Smaller gaps can be hard to see, but are surprisingly common in older homes — which Portland has a lot of. To find those cracks, shine a flashlight at night around the window frame while a partner observes the house from outside. Cracks will show up as rays of light. Alternatively, use an incense stick in the daylight and look for places where the smoke is pulled toward the crack.

To seal gaps and cracks, use an expanding foam product in a can. For a gap that is fairly even around the entire window frame, use weather stripping. It comes in various thicknesses, so measure the gap before you buy the stripping.

Tip #2: Replace or reseal glazing

The term “window glazing” actually refers to the pane of glass in the window frame, which is held in place by a putty. This putty should create an airtight seal between the wood (or other window frame material) and the glass, but it can become cracked or separate from the glazing in older windows. If you used smoke to perform the “gap check” and it went straight through the window pane, that’s a good sign that your single-pane windows need reglazing!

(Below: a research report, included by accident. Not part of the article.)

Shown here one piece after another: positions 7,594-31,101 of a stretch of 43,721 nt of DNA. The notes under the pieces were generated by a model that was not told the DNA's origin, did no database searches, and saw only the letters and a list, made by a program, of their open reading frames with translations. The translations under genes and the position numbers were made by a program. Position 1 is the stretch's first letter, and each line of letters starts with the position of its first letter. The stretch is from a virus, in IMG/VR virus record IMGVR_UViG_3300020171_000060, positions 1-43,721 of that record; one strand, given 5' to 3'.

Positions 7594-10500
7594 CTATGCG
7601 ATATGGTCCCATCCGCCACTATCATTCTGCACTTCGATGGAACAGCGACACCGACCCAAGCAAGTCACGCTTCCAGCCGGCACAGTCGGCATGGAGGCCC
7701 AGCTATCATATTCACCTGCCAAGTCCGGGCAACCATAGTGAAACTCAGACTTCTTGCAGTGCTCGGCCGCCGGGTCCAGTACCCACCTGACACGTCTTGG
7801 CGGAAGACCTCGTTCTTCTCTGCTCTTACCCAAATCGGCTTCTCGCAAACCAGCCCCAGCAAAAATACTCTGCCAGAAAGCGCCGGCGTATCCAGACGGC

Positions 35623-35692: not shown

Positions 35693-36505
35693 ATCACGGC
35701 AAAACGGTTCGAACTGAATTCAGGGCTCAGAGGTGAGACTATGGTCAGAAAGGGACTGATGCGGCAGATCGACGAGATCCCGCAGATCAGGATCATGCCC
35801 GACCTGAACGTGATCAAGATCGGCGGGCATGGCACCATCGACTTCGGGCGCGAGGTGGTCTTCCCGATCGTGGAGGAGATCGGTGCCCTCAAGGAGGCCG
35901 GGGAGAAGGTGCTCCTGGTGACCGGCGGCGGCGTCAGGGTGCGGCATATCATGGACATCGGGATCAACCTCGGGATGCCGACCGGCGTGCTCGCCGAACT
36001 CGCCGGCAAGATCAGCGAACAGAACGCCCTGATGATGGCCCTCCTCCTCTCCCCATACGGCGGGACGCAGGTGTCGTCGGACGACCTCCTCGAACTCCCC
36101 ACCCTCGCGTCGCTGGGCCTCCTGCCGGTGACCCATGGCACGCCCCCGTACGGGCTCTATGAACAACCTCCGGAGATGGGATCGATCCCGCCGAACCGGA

Reglazing a window technically means replacing the pane of glass, but if the glass is in good shape you can simply scrape off the old glazing compound/putty and replace it using the old window pane. Keep in mind that the glass may break as you work, but replacement panes can be custom-cut at your local hardware store for a fraction of the cost of a whole new window (see the next section for glass upgrade options).

Reglazing a wood window in 6 easy steps

  1. Remove the operable part of the window (the part that slides up and down), also known as the sash. Depending on the how the window is put together, you may have to remove wooden “stops” that sit on the interior side of the window.